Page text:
No rules broken in Moncton football game that ended after concussions, NBIAA rules
Football officials reviewed footage of game between Moncton and Sackville teams
A Moncton football game that sent nine players to the hospital after they suffered potential concussions was played within the rules, the New Brunswick Interscholastic Athletic Association says.
However, a school district superintendent and a head of Coach NB say they think the coach of the École L'Odyssée Olympiens made the right call in withdrawing his team from the game.
Last Friday, a game between École L'Odyssée Olympiens and Sackville's Tantramar Titans ended at halftime after Olympiens' coach Marcel Metti said several of his players suffered head injuries.
A statement written by NBIAA president Andy Clark this week says the game was halted because several École L'Odyssée players were injured during the first half of the game, and there weren't enough linemen left to continue playing.
Within rules of the game
Four players suffered body injuries, four were diagnosed with concussion, and four displayed concussion symptoms during the first half of the game, Clark wrote, though he did not specify which team the players were on.
"These players were not permitted to play in the second half due to safety reasons," Clark said.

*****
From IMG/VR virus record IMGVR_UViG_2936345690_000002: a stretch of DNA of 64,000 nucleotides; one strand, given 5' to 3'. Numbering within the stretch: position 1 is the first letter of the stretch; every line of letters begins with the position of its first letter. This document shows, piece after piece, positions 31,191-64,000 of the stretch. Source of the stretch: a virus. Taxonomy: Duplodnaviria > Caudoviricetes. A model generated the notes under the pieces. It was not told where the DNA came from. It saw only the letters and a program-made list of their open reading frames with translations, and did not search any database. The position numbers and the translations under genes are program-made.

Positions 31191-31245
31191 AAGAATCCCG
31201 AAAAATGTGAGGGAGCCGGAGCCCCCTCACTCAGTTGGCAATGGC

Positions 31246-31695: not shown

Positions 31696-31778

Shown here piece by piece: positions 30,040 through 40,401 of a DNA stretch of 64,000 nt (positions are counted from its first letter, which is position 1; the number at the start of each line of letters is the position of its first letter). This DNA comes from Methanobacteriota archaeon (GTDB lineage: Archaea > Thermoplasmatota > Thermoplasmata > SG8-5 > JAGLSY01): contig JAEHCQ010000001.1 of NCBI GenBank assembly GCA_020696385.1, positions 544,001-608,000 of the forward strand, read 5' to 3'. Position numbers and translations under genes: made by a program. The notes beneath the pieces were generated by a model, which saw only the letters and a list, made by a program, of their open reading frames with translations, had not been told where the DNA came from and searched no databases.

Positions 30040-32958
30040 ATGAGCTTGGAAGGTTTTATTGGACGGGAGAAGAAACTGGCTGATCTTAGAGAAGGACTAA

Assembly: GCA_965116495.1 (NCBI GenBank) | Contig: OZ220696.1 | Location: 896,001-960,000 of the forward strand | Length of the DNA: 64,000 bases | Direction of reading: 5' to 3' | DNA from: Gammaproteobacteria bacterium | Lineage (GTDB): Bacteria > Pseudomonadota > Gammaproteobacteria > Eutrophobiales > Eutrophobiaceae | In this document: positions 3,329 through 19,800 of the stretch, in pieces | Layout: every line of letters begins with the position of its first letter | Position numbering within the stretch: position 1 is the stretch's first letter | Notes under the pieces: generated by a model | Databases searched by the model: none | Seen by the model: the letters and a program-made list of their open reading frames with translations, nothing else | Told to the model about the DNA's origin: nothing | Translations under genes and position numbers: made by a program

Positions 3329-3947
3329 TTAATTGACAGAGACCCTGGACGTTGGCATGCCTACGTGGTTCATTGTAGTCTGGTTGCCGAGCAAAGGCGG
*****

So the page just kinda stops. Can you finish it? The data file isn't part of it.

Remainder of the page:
"Due to this lack of available players, the ['Odyssée Olympiens] coaches decided in the interest of safety to not continue the game as playing younger, smaller players in the line would be dangerous as they were not properly prepared to play those positions."
Nine players went to hospital to be checked out.
Football officials reviewed game footage and found it was played within the rules, Clark said in the statement.
The coach of the Titans told CBC last Sunday he believed his players were adhering to the rules of the game and not overly rough.
Monique Boudreau, the Francophone South School District superintendent, said she believed the coach of the Olympiens made a good judgment call.
If he had chosen to continue, he would have risked having younger players, who were less experienced, being injured as well, she said.
"It was a big decision to be made, with lots of pressure on him, but he put the health of students before a game," she said.
"For me, it's the most important thing that a coach could do."
Concussion protocol in effect
The incident happened shortly after the district introduced a new concussion protocol, which requires that students have a doctor's note before being allowed to participate in recreational sports after suffering a concussion.
Our brain, we can't play with that.- Monique Boudreau
Boudreau couldn't say whether the new protocol had anything to do with what happened last Friday but said she thinks it definitely has made staff, parents, and students more aware of the seriousness of head injuries.
"We are more conscious of what can happen long term, and I think it has definitely awakened people that this is something we need to take seriously," she said.
"Our brain, we can't play with that."
Manon Ouellette, the executive director of Coach NB, also said she thought the coach made the right call.
"I think that the safety of the athletes comes first," she said.
"So if his judgment was that way, then he had his athletes in the top priority."